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One piece of advice I WILL give you. Formula 1 is FAST. You'll need LOTS of practice panning before the event if you intend to use this technique.
Agreed. If you can spend some time alongside a freeway, practicing your panning technique, you'll be better prepared for your F1 shooting.
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Old Jun 10, 2009, 12:56 PM   #9
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Thanks for the advices guys and i'll try to contact the mentioned members as soon as i can.
I'll have a great amount of time to practice, because the event will be in Nov, 2009 "very long time".

Anyway, I was reading and found the 70-200 2.8 "Sony, Sigma or Tamron are very good choice for the job (which I'm willing to invest on if they are the right choice)" but not sure yet.
Since I love this sport and getting into Photography I could sell couple of stuff and buy one of them "lenses mentioned above" if they are the right ones.

But does the Sony woth the $1000 extra?!!!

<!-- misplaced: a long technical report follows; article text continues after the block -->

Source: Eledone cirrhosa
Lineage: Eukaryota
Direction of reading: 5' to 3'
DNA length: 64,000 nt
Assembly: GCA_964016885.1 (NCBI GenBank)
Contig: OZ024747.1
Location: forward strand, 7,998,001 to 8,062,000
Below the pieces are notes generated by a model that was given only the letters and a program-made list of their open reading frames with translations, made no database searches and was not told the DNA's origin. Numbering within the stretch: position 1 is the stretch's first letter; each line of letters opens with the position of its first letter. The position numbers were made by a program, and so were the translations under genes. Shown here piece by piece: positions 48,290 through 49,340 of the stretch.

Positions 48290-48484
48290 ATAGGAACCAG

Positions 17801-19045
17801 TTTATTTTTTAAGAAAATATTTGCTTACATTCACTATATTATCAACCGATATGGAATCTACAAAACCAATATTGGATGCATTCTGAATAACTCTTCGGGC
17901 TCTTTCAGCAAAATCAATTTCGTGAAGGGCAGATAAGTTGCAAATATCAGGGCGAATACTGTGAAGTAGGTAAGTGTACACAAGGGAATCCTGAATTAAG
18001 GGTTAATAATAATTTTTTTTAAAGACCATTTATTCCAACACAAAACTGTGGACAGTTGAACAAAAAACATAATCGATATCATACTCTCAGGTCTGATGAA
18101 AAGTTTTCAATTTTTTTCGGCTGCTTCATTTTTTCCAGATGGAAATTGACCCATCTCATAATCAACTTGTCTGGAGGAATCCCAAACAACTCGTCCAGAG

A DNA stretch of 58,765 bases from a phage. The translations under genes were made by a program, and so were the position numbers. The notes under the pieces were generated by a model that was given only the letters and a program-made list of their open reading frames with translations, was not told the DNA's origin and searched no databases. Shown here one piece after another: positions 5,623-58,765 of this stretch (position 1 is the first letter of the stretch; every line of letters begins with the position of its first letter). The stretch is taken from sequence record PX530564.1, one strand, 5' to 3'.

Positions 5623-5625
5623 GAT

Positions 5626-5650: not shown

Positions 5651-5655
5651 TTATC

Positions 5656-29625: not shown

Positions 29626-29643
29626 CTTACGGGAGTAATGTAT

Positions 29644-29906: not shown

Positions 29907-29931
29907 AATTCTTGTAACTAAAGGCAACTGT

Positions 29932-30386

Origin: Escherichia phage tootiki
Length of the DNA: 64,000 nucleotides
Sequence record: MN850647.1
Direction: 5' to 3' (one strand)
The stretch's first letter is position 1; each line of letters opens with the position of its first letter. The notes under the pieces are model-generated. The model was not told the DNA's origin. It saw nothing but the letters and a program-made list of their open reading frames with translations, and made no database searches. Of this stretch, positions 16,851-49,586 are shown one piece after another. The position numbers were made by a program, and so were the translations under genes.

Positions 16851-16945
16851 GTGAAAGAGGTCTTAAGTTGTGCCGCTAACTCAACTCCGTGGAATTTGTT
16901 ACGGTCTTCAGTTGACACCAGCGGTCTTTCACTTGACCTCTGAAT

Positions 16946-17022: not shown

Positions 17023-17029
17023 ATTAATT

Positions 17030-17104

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Old Jun 10, 2009, 1:48 PM   #10
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Thanks for the advices guys and i'll try to contact the mentioned members as soon as i can.
I'll have a great amount of time to practice, because the event will be in Nov, 2009 "very long time".

Anyway, I was reading and found the 70-200 2.8 "Sony, Sigma or Tamron are very good choice for the job (which I'm willing to invest on if they are the right choice)" but not sure yet.
Since I love this sport and getting into Photography I could sell couple of stuff and buy one of them "lenses mentioned above" if they are the right ones.

But does the Sony woth the $1000 extra?!!!
A 70-200mm f/2.8 lens would be very nice, but it's shorter than the lens you've got now, and I think that's not long enough.

If you're talking about spending that kind of money, I think the Sony 70-300 'G' would be a much better choice.

Is the Sony 70-200/2.8 worth $1,000 more than the Sigma 70-200/2.8? That depends on what you want to use it for. The Sony is one of the best lenses of its kind, but th law of diminishing returns plays a roll here. A $400 lens will be much better that a $200 lens, but a $1,400 lens will only be a little better than a $1,200 lens.

Last edited by TCav; Jun 10, 2009 at 1:51 PM.